Last week I upgraded to JBL LSR305 studio monitors from Alesis Elevate 5 speakers while they were on sale at Musician’s Friend.
I wanted to put together a quick comparison review between the two brands now that I’ve got both on-hand.
I’m not going to do any in-depth tests and get all scientific about it.
I’m just going to post some general observations about the differences between them.
I’ve had the Alesis Elevate 5 speakers for about a year and a half. Here’s the review I posted last summer.
They sell for $149 as a pair so they are one of the least expensive options for 5-inch monitors.
The JBL LSR305 studio monitors sell for double that price at $149 each, so obviously they should sound better, but do they sound twice as good?
When I first fired up the JBL LSR305s there wasn’t as big of a difference between the Alesis Elevate 5’s as I was expecting.
The overall sound quality of the JBL monitors is definitely better, but it’s not blow you away better.
The JBL LSR305’s have a better sound at higher volumes; that’s one area where the balance of the Alesis speakers starts to fall apart. The bass is also a lot better on the 305’s.
One problem with the Elevate 5’s is they seem to exaggerate the bass a bit too much. Going back to listen to earlier mixes done with the Elevate 5’s the bass seems much too quiet. The 305’s have more punch in the low end and the kick drum stands out more, so that’s kind of the opposite of what you’d expect.
Another thing that stands out about the JBL LSR305’s versus the Alesis Elevate 5 is that mids are clearer. I can definitely hear rhythm guitars standing out more on the 305’s, which is a big plus since I primarily play guitar.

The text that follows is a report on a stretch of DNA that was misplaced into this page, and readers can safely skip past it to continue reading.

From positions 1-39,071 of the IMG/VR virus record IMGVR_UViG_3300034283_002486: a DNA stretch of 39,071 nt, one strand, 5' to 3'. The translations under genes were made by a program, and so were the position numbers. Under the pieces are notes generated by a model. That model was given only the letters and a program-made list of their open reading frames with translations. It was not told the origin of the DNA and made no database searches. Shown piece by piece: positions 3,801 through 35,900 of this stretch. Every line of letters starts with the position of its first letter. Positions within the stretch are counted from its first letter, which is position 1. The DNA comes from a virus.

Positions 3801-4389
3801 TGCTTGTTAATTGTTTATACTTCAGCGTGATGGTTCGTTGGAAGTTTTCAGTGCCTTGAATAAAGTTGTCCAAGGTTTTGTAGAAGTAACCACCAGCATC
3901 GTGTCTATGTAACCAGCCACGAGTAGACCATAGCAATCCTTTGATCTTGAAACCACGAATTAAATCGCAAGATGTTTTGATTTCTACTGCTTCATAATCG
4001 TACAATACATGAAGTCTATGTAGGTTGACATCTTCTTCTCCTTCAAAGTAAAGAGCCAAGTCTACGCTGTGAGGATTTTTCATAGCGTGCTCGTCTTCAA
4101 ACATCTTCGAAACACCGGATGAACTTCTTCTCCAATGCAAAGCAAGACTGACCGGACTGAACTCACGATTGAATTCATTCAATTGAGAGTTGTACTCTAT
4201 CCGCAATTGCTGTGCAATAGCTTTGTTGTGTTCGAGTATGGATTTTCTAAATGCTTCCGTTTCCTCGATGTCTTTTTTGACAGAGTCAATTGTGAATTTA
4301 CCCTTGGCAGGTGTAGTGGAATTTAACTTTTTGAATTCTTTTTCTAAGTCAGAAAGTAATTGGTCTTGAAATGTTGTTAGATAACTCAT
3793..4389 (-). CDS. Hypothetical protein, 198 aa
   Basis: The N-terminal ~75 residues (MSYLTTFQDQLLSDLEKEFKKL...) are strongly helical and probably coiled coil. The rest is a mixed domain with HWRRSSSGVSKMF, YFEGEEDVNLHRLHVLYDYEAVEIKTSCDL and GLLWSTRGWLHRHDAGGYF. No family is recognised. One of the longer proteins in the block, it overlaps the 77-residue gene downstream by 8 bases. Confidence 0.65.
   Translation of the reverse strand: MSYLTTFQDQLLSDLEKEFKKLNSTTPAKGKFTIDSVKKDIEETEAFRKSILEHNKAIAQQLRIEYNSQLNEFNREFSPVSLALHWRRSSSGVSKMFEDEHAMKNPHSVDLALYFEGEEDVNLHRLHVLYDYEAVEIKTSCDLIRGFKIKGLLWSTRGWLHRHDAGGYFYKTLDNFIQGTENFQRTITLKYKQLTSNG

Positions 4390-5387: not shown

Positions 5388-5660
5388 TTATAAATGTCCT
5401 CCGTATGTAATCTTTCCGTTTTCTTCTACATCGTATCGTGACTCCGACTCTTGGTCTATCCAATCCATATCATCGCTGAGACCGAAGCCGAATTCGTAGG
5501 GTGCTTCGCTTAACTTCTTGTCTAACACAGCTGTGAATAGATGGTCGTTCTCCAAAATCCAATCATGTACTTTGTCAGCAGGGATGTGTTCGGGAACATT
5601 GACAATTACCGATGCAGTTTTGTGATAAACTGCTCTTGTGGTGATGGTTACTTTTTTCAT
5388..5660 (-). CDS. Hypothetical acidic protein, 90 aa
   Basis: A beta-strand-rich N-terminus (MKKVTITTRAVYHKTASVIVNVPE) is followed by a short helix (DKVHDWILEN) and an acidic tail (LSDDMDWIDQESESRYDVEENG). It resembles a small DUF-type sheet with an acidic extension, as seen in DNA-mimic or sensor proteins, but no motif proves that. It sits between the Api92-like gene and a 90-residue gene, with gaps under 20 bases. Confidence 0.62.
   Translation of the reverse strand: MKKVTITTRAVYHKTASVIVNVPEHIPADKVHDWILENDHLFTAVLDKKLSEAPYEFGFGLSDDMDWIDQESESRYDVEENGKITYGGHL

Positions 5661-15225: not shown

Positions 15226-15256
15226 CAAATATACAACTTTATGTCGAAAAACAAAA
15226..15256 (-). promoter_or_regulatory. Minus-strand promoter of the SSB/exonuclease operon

One thing I never noticed about the Elevate 5 speakers is they claim to have 5-inch woofers but the speakers look small next to the JBL LSR305. It turns out the Alesis speakers are only 4.25-inches.
The JBL monitors are noticeably louder and they have a lot more power. The Alesis Elevate 5 runs at 40 watts, with 120 peak, and that’s for both speakers (only the right is powered). With the JBL LSR305’s, each speaker has its own class-D 41 watt amp, so that’s twice as much power right there.
A couple of advantages (if you can call them that) with the Alesis speakers is they have a headphone jack and RCA connectors, both of which are absent on the JBLs. There’s also a bass boost switch, which can come in handy for other applications like video games and movies.
The JBL LSR305’s add XLR connectors and HF and LF trim switches to boost or cut lows and highs by 2db. Both have regular balanced TRS connectors as well.
The Alesis Elevate 5 is a good desktop or shelf speaker for listening to music and things like video games and movies, but they can be hard to use for mixing music because they aren’t true studio monitors. The JBL LSR305 is definitely a step up for mixing because they sound more neutral and flat, and the sound holds together better at higher volumes.
For $150 I think the Alesis Elevate 5’s are actually quite nice for the price. If you can afford to spend twice as much on the JBL LSR305’s you won’t be disappointed, but if all you’ve got is $150 then the Elevate 5’s aren’t bad to start out with.